Sadie was a 24 years old, self-employed beautician. In 2011, she was involved in a road traffic accident. As a result of the accident she sustained soft tissue injuries to her neck and the upper part of her back.
She was referred by her insurance company to a large firm of solicitors.
About a month after the accident, her solicitors referred her through a medical agency to a General Practitioner for a medical report. He diagnosed a “whiplash injury” and advised that she “should make a full recovery within six months” and that “no treatment is indicated“.
Based upon this report, her solicitors advised her to settle the claim. They received an offer of settlement of £1,750 from the other driver’s insurance company and suggested that she should accept it.
However, rather than improving, Sadie’s symptoms had become considerably worse and, more worrying, she was developing other increasingly debilitating symptoms in other parts of her body. These included low back pain, frequent incapacitating bladder spasm with urinary urgency, daily headaches and bilateral leg and foot pain.
Sadie’s walking tolerance was limited to ten minutes, sleeping was extremely difficult and even when she did sleep she awoke unrefreshed. Work was impossible and she described her life as “no more than an existence”.
Her solicitor expressed surprise at Sadie’s suggestion that her symptoms could be related to the accident and was reluctant to consider obtaining further, more specialist medical evidence.
Sadie looked around for new solicitors and contacted us.
We went to see Sadie and took a full history before setting out our proposed plan of action. We always encourage people to take some time to consider their options before instructing us but Sadie decided to instruct us immediately.
We contacted her former solicitors to request their file. Sadie did not have to have any further contact with them.
There was a lot to do. We obtained a full set of medical records, which required collating. A detailed chronology was prepared of Sadie’s medical history and letters of instruction were drafted to medical experts which, to ensure their accuracy, Sadie was asked to approve.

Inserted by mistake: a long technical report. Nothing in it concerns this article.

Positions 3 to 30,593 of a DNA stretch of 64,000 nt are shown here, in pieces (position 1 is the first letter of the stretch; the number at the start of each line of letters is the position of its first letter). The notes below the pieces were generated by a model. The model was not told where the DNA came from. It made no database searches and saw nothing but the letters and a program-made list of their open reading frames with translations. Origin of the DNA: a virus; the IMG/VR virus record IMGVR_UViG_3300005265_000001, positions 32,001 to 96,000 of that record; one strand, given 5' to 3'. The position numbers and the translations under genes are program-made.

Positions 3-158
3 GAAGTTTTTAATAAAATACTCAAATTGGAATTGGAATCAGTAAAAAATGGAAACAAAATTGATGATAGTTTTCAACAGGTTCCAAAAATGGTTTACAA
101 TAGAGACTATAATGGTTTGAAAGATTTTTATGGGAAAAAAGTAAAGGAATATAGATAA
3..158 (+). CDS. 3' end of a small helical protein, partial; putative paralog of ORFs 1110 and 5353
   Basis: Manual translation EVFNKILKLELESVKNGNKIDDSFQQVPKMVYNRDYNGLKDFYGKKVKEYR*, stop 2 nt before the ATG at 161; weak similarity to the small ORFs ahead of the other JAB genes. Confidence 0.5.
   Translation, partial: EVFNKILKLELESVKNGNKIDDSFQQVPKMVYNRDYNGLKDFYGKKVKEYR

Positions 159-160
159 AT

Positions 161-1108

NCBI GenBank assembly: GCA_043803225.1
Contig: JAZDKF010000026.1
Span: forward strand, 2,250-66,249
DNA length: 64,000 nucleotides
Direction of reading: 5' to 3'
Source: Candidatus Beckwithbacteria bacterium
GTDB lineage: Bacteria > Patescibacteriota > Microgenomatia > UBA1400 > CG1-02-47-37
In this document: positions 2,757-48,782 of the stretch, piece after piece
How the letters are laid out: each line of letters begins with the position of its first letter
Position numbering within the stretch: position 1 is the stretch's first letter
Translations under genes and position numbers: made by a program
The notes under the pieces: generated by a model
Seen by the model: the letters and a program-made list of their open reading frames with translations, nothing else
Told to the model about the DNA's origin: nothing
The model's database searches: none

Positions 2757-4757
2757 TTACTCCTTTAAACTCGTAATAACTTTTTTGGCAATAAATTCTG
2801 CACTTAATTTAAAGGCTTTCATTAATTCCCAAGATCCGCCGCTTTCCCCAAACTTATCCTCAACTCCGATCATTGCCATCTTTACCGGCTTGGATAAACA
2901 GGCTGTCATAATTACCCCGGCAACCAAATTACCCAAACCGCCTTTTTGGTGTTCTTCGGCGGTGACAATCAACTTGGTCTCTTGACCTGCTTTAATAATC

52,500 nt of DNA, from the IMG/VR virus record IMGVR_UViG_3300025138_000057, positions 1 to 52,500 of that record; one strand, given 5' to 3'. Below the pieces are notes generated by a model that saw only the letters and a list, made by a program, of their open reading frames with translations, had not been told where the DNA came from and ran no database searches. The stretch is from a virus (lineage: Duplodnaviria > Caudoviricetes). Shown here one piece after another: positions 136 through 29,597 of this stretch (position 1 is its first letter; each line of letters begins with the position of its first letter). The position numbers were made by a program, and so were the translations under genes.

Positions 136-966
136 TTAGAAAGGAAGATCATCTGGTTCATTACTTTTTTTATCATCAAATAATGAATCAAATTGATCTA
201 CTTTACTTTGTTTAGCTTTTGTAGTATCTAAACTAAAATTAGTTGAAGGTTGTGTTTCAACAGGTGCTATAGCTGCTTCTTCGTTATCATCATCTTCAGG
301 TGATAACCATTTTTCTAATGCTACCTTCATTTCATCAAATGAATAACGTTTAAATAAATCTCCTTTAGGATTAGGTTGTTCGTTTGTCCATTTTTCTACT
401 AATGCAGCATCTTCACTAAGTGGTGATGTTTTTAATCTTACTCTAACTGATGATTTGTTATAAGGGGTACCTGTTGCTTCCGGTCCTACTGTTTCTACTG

Detailed witness statements were taken from Sadie, her partner, members of her family, several friends and a number of her regular customers. This is because it is important to preserve people’s thoughts and recollections at an early stage, particularly how people had perceived changes in all aspects of Sadie’s life since her accident.
We drafted detailed letters of instruction to leading medical experts, which were first sent to Sadie to approve. The experts instructed were in the field of rheumatology and pain psychiatry. These experts agreed that as a result of the accident, Sadie had developed Fibromyalgia (FM).
The experts were of the opinion that Sadie may benefit from attending an intensive, in-patient course of pain management and rehabilitation at the Bath Centre for Pain Services (BCPS). She was keen to follow their advice and we were successful in arranging funding.
As Sadie was unable to work, we also obtained interim payments to keep her head above water financially.
Following her attendance on the 4 week course at the BCPS, Sadie felt that she had “made progress”. It is always important when somebody attends an intensive course of treatment that arrangements are put in place to provide for them continued professional support immediately upon the completion of the intensive course. That is the only way to minimise the risk of ‘crash and burn’, a common occurrence when a person emerges back into the real world from the rarefied and highly supportive environment of a residential treatment centre. Prior to Sadie’s attendance on the course, we had therefore arranged for her to be jointly assessed by physical and psychological therapists close to her home who were able to communicate with the BCPS and provide support for Sadie immediately upon her arrival home.
Sadie remained in pain and after re-examining her, the medical experts agreed that this was likely to remain the case. However, overall her pain was less intense, even on bad days. In addition, her mobility had improved and her headaches were less frequent.
Despite the modest improvement in Sadie’s condition, a return to her previous occupation was out of the question. Sadie was, understandably, keen to find something to occupy her time and very much to her credit had started a small business on ebay, selling a selection of beauty products. However, her ongoing condition meant that she was not always capable of processing and packaging orders herself, having to rely upon help from her mother.
We instructed a forensic accountant to prepare earnings forecasts to compare Sadie’s likely earnings, past and future, in both her former and new occupation. This assisted us in ‘proving’ her claim for past and future lost earnings.
Other heads of claim included damages for her injuries (damages for pain, suffering and loss of amenity), future care and ongoing treatment.
Ultimately, Sadie’s claim proceeded to a Joint Settlement Meeting, where her claim settled for £625,000.